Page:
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Skratch Lessons: Several Players 2.3

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[MUSIC]
So okay, finally.
We came to the player who plays the main
voice, the significant electro piano
sample, or organ sample, and this sound is
on the Drunken Master Break from DJ Die$$.
I use the same record for the base and
saxophone part at tutorial one.
And it sounds like this here.
[MUSIC]
So, and as you heard, it's really long.
Many different tones, inside the sample.
[MUSIC]
So, and
my aim is now to improve, but under the
requirement of a given motive.
To do this, I differentiate at first and
this connection in two parts.
The first main part that means,
I mean the pattern on the cross and on the
record part goes as follows.
That means we start [SOUND] On the one
beat.
[SOUND] With the unison of the sample.
And we play it in the shape of quarter
note, and
we cut this quarter note, four times.
So in a given time with one sixteen, like
this here.
[SOUND] So after this, we make a one eight
rest,
in which I move the record, silently back
to the starting point.
So and then I play a little back scrape.
And then once again, the quarter note
divided, in four parts by the cross fader.
It goes like this here.
[MUSIC]
Over high hat, one, two, three, four.
[MUSIC]
So,
and I think this is really, really simple.
And finally I close the entire sequence.
After another one eight rest by producing
some of the E tones, which
source which brings the record back to the
ignition of the sample, I mean, this here.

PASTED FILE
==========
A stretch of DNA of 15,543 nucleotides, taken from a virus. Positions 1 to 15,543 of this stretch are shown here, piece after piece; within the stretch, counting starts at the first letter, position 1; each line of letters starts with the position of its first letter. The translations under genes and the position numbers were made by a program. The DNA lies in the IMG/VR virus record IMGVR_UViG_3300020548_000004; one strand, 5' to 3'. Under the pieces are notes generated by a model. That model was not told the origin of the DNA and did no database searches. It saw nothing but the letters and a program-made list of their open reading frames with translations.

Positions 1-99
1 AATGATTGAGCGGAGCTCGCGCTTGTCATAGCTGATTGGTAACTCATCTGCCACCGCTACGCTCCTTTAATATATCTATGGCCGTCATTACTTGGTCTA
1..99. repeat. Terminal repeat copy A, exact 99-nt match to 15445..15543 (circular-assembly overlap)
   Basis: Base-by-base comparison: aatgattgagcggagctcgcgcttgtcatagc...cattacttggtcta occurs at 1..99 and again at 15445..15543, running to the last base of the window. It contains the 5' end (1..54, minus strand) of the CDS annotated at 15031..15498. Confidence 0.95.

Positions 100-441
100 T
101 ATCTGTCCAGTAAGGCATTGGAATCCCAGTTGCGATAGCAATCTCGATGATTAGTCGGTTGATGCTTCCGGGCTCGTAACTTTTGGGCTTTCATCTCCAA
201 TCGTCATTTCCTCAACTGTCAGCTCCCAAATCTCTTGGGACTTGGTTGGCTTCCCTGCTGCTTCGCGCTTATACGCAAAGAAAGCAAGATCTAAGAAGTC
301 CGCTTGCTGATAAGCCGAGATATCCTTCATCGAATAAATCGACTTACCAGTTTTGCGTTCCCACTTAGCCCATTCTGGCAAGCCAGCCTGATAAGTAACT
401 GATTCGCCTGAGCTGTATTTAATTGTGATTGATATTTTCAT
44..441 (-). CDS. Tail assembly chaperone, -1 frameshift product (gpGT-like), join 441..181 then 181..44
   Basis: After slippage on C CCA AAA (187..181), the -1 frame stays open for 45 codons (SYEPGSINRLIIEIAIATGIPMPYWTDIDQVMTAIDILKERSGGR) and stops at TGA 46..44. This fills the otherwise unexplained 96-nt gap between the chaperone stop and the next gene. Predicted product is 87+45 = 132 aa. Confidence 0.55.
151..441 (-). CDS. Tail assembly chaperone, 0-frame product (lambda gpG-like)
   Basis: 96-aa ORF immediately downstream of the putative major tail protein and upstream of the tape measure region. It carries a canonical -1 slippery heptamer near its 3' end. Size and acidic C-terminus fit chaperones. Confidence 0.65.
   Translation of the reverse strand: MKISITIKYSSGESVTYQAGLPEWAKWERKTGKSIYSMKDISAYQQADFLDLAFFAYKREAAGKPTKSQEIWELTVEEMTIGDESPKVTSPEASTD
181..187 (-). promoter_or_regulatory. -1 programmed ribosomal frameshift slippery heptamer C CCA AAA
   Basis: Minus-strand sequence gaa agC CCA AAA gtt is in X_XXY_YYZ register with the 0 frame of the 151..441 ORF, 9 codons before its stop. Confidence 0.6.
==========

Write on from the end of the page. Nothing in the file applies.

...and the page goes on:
[SOUND]
And you can create also.
[SOUND]
Different pitches.
To, modify this entire pattern in
interesting way.
So and yeah, this is the base, for
further improvisation now we play only the
discussed motive, but
we can alternate absolutely the cue
points,
of the whole samples through which we
obtain different acoustic results.
I will demonstrate.
Some little possibilities right now.
[SOUND] One, two, three, four.
[MUSIC]
Or this positioning.
[SOUND]
Okay, and as you heard, there are lots of
possibility, possible.
Try it.
The definition of the cue point is very
important.
At first, and yeah what I try to say is
when you have a nice pattern or really
simple pattern on the cross and
on the record, you can transfer this to
different sound samples.
So and now I play.
The same pattern,
the same sequence
on the cross and
on the record,
with another type
of sound sample
[MUSIC]
So okay, this is it, I have used another
type of sound metria that means when you
get a pattern down it's possible
to create a harmonic sound characteristic
by using different samples.
Many turntablists also very firm, famous
turntablists.
Especially if beat juggling play over the
one and the same performance,
so change only the samples to became
another acoustical result.
So finally we came to the break part.
It's basically comparable to the so
called baby steps performance that means a
player's main pattern.
[MUSIC]
Once again.
[SOUND]
And then.
[SOUND]
To arrive the next
initial point from our new cue point.
Okay?
And like I said it's basically like baby
steps.
That means.
[SOUND] You play.
[SOUND]
A one eight note [SOUND] Then a one
sixteen e tone With a lower motion
intensity.
Do not arrive at the neutral point once
again.
[SOUND]
And then, we came to start point.
[MUSIC]
So okay, now the [SOUND] Whole sequence
over high hat [SOUND]
One, two, three, four
[MUSIC]
Also, to build up interesting performance,
you can modify the main pattern a little
bit.
Or in correspondence with the break
section.
That means I have also demonstrated this
in the entire performance.
When you play it like this here.
[MUSIC]
So, there are lots of possibilities
possible.
When you got it down, your main pattern,
try to play it from another cue points,.
Try to play it with from, with another
sound metria.
[MUSIC]